MANILA: The Philippine government on Monday warned the press against plotting to “destroy” President Rodrigo Duterte’s government, as his spokesman accused journalists of spreading fake news.
The warning followed recent local news reports alleging the Duterte family’s involvement in illegal drugs and raising questions about a large increase in his wealth.
“They are all there doing their thing, trying to destroy this government by spreading false news and planting intrigues against the government,” Duterte spokesman Salvador Panelo told a news conference.
He released a graphic which he said showed how a video of a hooded man alleging the Duterte family’s role in the narcotics trade was shared by one journalist to colleagues employed by other Philippine news outfits.
The news organizations named have all reported extensively on Duterte’s crackdown against illegal drugs that has left more than 5,000 suspects dead at the hands of the police in what rights groups have said may be a crime against humanity.
Panelo said the ouster allegations were based on information shared by a foreign intelligence agency which he would not name.
“In other words, what these people are doing is to give succour or assist the enemy, if they are not the enemy themselves,” Panelo said.

 

Last week Duterte publicly lashed out at the Philippine Center for Investigative Journalism (PCIJ), which published a report about the rise in the president’s net worth.
“In the coming weeks, I will return the favor. So Philippine Investigative, you better stop,” Duterte said.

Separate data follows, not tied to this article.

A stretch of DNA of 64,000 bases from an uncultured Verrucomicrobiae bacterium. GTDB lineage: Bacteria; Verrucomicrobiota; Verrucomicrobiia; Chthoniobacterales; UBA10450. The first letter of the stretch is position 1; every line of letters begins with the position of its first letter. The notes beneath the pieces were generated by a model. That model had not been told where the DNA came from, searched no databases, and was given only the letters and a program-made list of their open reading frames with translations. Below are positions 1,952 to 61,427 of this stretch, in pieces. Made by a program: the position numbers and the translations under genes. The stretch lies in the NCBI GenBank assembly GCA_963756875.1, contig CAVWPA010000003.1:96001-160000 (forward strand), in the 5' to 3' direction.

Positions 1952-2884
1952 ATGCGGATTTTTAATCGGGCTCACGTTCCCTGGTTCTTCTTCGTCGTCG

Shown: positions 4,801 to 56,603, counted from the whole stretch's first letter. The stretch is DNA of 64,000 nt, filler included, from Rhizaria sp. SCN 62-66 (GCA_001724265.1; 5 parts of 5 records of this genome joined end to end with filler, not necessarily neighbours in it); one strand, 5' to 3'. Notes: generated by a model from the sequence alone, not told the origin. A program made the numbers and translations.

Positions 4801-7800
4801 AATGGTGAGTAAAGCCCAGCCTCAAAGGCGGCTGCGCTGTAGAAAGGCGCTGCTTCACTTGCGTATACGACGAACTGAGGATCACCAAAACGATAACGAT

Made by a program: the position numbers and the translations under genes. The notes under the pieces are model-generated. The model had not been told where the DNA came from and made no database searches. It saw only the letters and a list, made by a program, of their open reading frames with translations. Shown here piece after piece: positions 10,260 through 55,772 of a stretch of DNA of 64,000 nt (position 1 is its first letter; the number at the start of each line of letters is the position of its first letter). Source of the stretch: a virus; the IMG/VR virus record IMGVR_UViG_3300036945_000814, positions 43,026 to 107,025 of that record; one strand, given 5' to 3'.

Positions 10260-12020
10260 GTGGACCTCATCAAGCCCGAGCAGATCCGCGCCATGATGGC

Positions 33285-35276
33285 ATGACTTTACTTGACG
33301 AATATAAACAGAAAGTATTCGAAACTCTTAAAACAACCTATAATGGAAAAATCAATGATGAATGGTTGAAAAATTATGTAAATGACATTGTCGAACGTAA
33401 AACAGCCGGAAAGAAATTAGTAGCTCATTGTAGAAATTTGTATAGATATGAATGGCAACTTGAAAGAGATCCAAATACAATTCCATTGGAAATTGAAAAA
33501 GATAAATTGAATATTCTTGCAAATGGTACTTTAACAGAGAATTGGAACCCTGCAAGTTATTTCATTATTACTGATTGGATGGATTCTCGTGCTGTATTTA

Panelo said on Monday that the Duterte government was putting these journalists and news outfits on notice but would not pursue legal action against them “for now.”
“But if the plot thickens and they perform acts which are already violation(s) of the penal laws, that’s a different story,” Panelo added.
The comments came weeks after the government twice briefly detained Maria Ressa, chief executive of the online news site Rappler over tax evasion, securities fraud and other charges.
Panelo named Ressa and Rappler, PCIJ, and Vera Files, among others, in the list of news organizations allegedly plotting against Duterte.
He accused Ellen Tordesillas, the Vera Files president, of spreading the video clip alleging Duterte family involvement in the narcotics trade.
Ressa, tweeting about the ouster allegations, called them “ludicrous” and “yet another (presidential) palace ploy to harass journalists.”
Panelo said that the government has “never stifled dissent in this country.”
Tordesillas called the supposed ouster plot “downright false,” while PCIJ has said its reports were all based on documents issued by Duterte himself in his required annual filings on assets and liabilities.

FACTOID

Philippine President Rodrigo Duterte has in previous years lashed out at critical media outfits, including the Philippine Daily Inquirer newspaper and broadcaster ABS-CBN. He threatened to go after their owners over alleged unpaid taxes or block the network’s franchise renewal application.